Phew! A load has been lifted. The opening chapter of my novel Tough Love snagged joint runner-up position in the recent Linen Press Beginnings Competition for its ‘multiple layers, depth, political backdrop, and vibrant, rich Irish dialogue’. Hearty congratulations are due to Kate Farrell for her wonderful winning entry Or The Cat Gets It and fellow runner-up Jay Merrill for Reality Show.
And the prize? A pep-in-my-step Linen Press critique by Judge Rebecca Brown. Here it is below if you’re interested. Otherwise, it's back to work for me and I'll see you on the other side.
* * *
I love the opening in which a mum, with her child in a buggy, sets off at a run down a hill, pretending to be a pilot while above them a plane comes out of the sky preparing to land at Dublin airport.
‘Brace for impact!’ I order, heaving the buggy forwards in to a running trot.
‘Faster mammy!’ Sarah’s brown eyes laugh back at me. ‘Faster!’
Barrelling down the hill, Sarah’s squeals get louder and louder, the wind catching the hood of her purple anorak, releasing a mop of curly hair darker than her eyes and so different from my own.
There’s so much here - the setting of Dublin, the nice parallel between the real plane and the push chair plane, and the hint of concern about a child who does not look like her mother - a theme that is developed in the next paragraphs when they almost collide with a woman who says:
‘She’s not yours, is she?’
And the response:
‘She’s mine,’ I toss back. ‘All mine. Not that it’s any of your beeswax.’
And so the stage is set and we wonder. Ciara delivers Sarah to her parents while she goes to work. Dialogue drives this narrative, and it’s brash and energetic and real, the Irish brogue adding warmth and colour:
Throwing open the door, Dad reaches down and swings her into his arms. ‘Sarah Moloney is it yourself?’ He kisses first one flushed cheek, then the other. ‘Jayney mackers you’re freezing.’
The domestic narrative is layered against a strong political backdrop, giving it depth and context. Ciara’s father is reading about the Sands hunger strike while Ciara’s mother’s heart strings are tugged by photos of tragic starving children in faraway continents, seeing starving brown-eyed-brown-skinned Sarah’s everywhere. And there’s more politics with Ciara’s volatile, troubled son, Finn, who is off to protest yet again:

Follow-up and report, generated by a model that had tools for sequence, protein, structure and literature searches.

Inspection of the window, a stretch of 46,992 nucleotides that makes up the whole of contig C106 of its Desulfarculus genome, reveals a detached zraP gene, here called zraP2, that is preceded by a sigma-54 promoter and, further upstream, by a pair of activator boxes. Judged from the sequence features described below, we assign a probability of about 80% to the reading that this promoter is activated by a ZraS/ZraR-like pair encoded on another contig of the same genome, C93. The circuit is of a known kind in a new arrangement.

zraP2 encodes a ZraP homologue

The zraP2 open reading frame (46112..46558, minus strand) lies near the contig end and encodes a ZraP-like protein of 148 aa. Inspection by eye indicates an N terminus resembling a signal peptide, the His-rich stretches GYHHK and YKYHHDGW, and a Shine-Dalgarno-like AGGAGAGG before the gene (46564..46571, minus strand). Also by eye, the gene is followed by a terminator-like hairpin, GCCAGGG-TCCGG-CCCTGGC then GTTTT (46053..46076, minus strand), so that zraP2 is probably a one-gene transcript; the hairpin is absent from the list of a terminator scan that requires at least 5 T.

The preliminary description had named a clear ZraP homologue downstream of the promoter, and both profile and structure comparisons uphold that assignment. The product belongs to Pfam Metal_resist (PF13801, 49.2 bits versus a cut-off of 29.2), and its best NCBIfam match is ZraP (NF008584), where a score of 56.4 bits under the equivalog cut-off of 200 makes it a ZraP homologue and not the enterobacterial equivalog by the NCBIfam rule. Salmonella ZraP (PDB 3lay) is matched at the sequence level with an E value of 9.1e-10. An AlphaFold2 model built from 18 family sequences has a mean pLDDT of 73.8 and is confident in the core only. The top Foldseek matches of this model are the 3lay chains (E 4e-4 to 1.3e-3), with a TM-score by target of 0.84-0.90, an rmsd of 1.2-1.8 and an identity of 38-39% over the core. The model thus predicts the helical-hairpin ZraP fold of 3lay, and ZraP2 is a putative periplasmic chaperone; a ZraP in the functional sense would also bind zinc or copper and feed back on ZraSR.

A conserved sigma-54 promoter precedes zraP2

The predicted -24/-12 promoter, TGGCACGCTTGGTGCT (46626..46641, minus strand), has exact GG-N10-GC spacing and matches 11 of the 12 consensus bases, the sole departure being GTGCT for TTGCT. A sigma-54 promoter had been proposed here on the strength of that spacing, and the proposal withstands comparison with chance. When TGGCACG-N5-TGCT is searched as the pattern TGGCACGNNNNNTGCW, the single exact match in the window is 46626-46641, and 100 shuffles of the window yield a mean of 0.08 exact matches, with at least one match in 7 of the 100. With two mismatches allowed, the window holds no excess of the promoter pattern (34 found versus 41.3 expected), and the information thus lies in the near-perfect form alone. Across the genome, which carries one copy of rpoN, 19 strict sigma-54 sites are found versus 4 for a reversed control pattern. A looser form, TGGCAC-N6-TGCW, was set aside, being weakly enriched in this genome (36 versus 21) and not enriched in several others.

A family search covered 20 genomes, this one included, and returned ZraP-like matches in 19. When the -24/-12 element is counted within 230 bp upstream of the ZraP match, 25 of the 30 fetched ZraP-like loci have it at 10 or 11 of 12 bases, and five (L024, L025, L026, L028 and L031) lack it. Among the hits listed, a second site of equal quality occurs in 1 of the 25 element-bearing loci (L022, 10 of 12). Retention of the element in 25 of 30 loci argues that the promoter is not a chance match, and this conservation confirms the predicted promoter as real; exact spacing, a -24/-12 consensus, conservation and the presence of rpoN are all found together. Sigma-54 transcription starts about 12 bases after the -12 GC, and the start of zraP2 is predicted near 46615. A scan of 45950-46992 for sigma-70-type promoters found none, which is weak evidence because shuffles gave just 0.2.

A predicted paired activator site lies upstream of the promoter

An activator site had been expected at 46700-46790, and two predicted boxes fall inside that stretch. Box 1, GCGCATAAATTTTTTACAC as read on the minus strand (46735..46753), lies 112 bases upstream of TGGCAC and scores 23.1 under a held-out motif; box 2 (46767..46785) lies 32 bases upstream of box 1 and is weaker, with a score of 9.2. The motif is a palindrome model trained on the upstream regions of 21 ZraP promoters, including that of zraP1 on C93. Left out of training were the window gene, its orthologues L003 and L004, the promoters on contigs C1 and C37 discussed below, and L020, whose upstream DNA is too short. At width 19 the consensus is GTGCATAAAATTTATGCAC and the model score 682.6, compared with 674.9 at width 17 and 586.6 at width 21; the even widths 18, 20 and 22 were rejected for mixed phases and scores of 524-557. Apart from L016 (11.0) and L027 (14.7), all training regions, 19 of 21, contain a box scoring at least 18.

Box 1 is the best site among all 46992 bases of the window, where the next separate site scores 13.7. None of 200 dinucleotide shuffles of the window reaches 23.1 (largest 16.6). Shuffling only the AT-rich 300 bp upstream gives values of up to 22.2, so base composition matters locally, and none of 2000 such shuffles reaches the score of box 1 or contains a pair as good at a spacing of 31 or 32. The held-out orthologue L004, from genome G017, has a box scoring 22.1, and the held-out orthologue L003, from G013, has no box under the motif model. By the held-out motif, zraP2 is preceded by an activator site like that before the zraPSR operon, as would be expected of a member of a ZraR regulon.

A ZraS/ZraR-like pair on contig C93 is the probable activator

I pick up the megaphone and place it on the table. ‘What is it this week? Liberate Palestine? Ban the bomb? Free Nelson Mandela? Animal and vegetable rights?’
Dominant in this first chapter is the theme of maternal anxiety. We’re left with Ciara’s recounting of her interview about Finn with the psychiatrist, her maternal angst and guilt, and her absent partner’s heaping the blame on to her:
‘You’re far too soft on him Ciara. What Finn needs is a kick up the arse out onto a football pitch five times a week.’ Tilting his head back, Gerry exhaled a steady stream of white smoke into the damp air. 'This is all your fault anyway. None of this would be happening if it weren’t for you. None of it. Next time Finn’s in trouble, I’m coming down on him like a tonne of bricks. No more discussion and no more pompous gobshite quacks costing an arm and a leg.’
What will Finn do next and how will Ciara cope?
Indeed. Of greater concern is how Caren's going to cope. I’ve still got another 50K or so words to cobble together before Tough Love can start doing the rejection rounds of the publishing houses and it’s slow going I can tell you. Still, there’s nothing like a bit of praise for ramping up the typing speeds.
Cheers Linen Press!